Tips for Drivers
There are a few things different to driving in the UK that you need to be aware of.
- Drive on the right - hopefully you already had noted that one 😉 At every junction I'd say to myself 'think right'. If you are hiring a left hand drive car then adapting to driving on the right is not that difficult (in fact, I found it easy pick up driving on the right hand side and had more problems when returning to the left hand side in the UK!?!) However, when you are driving your own vehicle habits will be harder to change, especially if the kids are distracting you. Some people put things in their car to remind them to stay on the right, such some ribbon tied around the steering wheel (in a safe position of course).
- Give way to vehicles emerging from side roads on the right hand side (i.e. your side of the road) in towns and built up areas, unless that side road has a yellow give way sign, and so the other driver must give way to you.
- Be aware of local driving rules. For example, in the Channel Islands, although very much like the UK in terms of roads (e.g. driving on the left), drivers take it in turns to give way at junctions.
- In the UK, if someone flashes their headlights, it (unofficially) means that someone is letting you know they are giving way to you. However, in Europe this can mean something very different - if you flash your lights you are asking them to give way.
Also remember that speed limit road signs will be in kph and not mph. General rules for speed limits in built up areas or motorways also differs slightly, with slightly faster speeds on European motorways unless you are towing a caravan or trailer, which could find you travelling slower in some countries.
Despite the European Union, speed limits aren't universal across the continent, so if you are planning on crossing any borders, be mindful of the different limits in each country.
|30 mph 48 kph
|60 or 70mph 96 or 112kph
|50 or 60 mph 80 or 96 kph
|70 mph 112 kph
|90 or 100kph
|80 or 90kph
|90 or 100kph
|70 or 80kph
|90 or 100kph
|70 or 80kph
|90 or 110kph
|90 or 120kph
|In Germany 130kph is only an advisory maximum motorway speed. Some cars will be travelling considerably faster.In Germany you can tow at 100kph if your car and caravan or trailer pass the German TUV test. This will take around 2 hours and cost around €70.* In France, if your trailer or caravan is under 3.5t, then normal speed limits apply. Reduced towing speed limits only apply to caravans or trailers over 3.5t.*
In many countries, speed limits may be reduced in adverse weather conditions.
Speed Limit Stickers
No law requires trailers or caravans to display speed limit stickers. However, if you are limited to a certain speed, displaying stickers will inform drivers behind that your speed is limited and that you will not speed up however close they tailgate!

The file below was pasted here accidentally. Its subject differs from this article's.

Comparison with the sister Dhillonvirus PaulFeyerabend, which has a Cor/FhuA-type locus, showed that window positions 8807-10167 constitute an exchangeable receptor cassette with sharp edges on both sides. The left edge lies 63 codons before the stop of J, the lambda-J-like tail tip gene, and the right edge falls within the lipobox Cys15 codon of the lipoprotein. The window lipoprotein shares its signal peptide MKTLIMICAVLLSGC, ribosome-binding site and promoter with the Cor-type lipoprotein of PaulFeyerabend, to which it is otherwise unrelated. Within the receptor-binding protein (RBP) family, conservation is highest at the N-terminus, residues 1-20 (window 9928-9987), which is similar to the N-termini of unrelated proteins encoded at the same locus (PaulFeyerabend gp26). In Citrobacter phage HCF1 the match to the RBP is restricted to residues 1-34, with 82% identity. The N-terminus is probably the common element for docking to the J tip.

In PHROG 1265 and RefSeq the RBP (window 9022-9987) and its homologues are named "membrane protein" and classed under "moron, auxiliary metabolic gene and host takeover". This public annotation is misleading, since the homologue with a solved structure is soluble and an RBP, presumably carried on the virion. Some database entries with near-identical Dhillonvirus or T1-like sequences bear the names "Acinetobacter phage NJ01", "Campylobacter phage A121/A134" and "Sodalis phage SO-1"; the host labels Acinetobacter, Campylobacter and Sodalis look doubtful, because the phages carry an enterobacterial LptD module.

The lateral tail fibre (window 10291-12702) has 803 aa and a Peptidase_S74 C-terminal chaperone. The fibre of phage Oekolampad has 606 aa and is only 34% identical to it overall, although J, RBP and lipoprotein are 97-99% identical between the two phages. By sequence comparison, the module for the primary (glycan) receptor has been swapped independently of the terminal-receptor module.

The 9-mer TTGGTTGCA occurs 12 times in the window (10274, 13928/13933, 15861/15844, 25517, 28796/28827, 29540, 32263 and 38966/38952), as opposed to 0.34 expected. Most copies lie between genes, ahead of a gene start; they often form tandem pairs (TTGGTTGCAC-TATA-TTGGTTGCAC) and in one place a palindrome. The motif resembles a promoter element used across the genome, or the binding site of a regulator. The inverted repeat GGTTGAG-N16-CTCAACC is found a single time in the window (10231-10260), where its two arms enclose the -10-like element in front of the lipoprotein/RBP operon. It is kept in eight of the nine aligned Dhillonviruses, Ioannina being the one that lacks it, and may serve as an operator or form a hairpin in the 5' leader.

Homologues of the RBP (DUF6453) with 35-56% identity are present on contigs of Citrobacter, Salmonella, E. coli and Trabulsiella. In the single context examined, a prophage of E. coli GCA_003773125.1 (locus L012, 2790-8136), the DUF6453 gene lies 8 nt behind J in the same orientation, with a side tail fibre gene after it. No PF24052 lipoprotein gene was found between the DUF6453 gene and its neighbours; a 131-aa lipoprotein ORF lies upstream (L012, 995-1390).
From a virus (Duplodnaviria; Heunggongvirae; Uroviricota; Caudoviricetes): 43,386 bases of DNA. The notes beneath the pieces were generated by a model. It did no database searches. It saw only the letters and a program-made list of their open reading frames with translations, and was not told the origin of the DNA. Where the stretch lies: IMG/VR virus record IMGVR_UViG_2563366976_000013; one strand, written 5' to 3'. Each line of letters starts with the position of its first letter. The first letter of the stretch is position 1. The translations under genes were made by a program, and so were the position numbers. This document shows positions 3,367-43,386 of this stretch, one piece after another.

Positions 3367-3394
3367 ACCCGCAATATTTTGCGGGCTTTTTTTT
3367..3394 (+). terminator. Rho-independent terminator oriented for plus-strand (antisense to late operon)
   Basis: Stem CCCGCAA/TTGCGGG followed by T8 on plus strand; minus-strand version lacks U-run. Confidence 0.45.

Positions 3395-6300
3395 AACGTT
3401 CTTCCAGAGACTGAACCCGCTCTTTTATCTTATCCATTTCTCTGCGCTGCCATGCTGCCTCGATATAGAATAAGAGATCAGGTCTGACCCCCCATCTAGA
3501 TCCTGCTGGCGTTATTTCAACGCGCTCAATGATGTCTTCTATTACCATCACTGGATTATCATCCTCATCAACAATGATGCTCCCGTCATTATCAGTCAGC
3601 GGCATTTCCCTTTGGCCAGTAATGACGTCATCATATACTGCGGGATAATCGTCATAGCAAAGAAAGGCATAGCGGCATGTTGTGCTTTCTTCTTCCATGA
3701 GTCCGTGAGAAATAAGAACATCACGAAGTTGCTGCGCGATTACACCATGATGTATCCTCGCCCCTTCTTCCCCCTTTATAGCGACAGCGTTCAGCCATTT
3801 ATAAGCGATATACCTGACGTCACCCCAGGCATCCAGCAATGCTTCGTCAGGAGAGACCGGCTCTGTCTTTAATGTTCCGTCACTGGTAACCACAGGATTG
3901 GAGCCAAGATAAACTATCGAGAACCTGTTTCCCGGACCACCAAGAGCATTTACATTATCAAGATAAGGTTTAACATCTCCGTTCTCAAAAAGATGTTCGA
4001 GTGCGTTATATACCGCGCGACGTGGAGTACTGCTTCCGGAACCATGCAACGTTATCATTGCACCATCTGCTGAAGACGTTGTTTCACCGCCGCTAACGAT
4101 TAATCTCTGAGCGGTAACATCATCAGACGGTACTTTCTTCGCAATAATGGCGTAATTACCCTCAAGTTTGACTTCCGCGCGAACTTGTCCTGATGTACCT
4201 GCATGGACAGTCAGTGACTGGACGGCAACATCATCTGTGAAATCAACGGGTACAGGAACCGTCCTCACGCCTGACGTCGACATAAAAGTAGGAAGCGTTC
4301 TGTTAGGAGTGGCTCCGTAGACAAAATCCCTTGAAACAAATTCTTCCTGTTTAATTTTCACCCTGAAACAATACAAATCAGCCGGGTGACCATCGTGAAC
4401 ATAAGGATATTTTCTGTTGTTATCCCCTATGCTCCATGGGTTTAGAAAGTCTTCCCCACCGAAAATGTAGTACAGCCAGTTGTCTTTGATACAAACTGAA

Most of us with kids will want to take bikes. However, there are some rules you need to be aware of.
Any Channel crossing service may have height restrictions if bikes are placed on the roof (or at the very least, you could pay a premium). The height your vehicle plus bikes must be below 4m.
As within the UK, most countries allow bikes to be carried on the backs of vehicles as long as lights and registration plate are not covered.
There are some exceptions. In Portugal, bikes cannot be carried at the back of a car, but are permissible on the rear of a Caravan or Motor Home, so long as they don't extend the vehicle length by 45 cm.
Any bike rack that fits on the tow bar must ensure that the total weight of the tow bar is not exceeded with bikes plus trailer or caravan.
In Italy and Spain, you must display a 50cm x 50cm overhanging load reflective panel with red and white diagonal stripes.
Just as in the UK, fuel at motorway services will be expensive. Over a long trip investing in a GPS with up-to-date European maps will pay for itself as you can use the device to find the nearest supermarket petrol station.
Unlike the UK, most supermarkets will be closed on Sundays. However (and fortunately, if you don't speak the lingo), many supermarkets will accept credit cards at the pump, so swipe and fill.
If you are planning on travelling in remote areas, then it is recommended that you take some extra fuel with you.
Diesel will be known as 'Diesel' in most countries, though it may also be labelled as Gazole in France.
Petrol will be unleaded. Look out for these phrases:
- France: Sans Blomb
- Germany: Bleifreies Benzin
- Netherlands: Loodvrije Benzine
- Italy: Benzina Senza Piombo
- Spain: Gasolina Sin Plomo
- Portugal: Combustivel Sem Chumbo
Here is a list of useful resources for driving in Europe.The AA - Country specific Road Laws - Visit web site with information The AA - Low Emission Zones - Visit web site with information The AA - Compulsory Equipment List - Visit web site with information The Caravan and Motorhome Club - Legal Requirements - Visit web site with information The RAC - Travel Abroad Checklist - Visit web site with information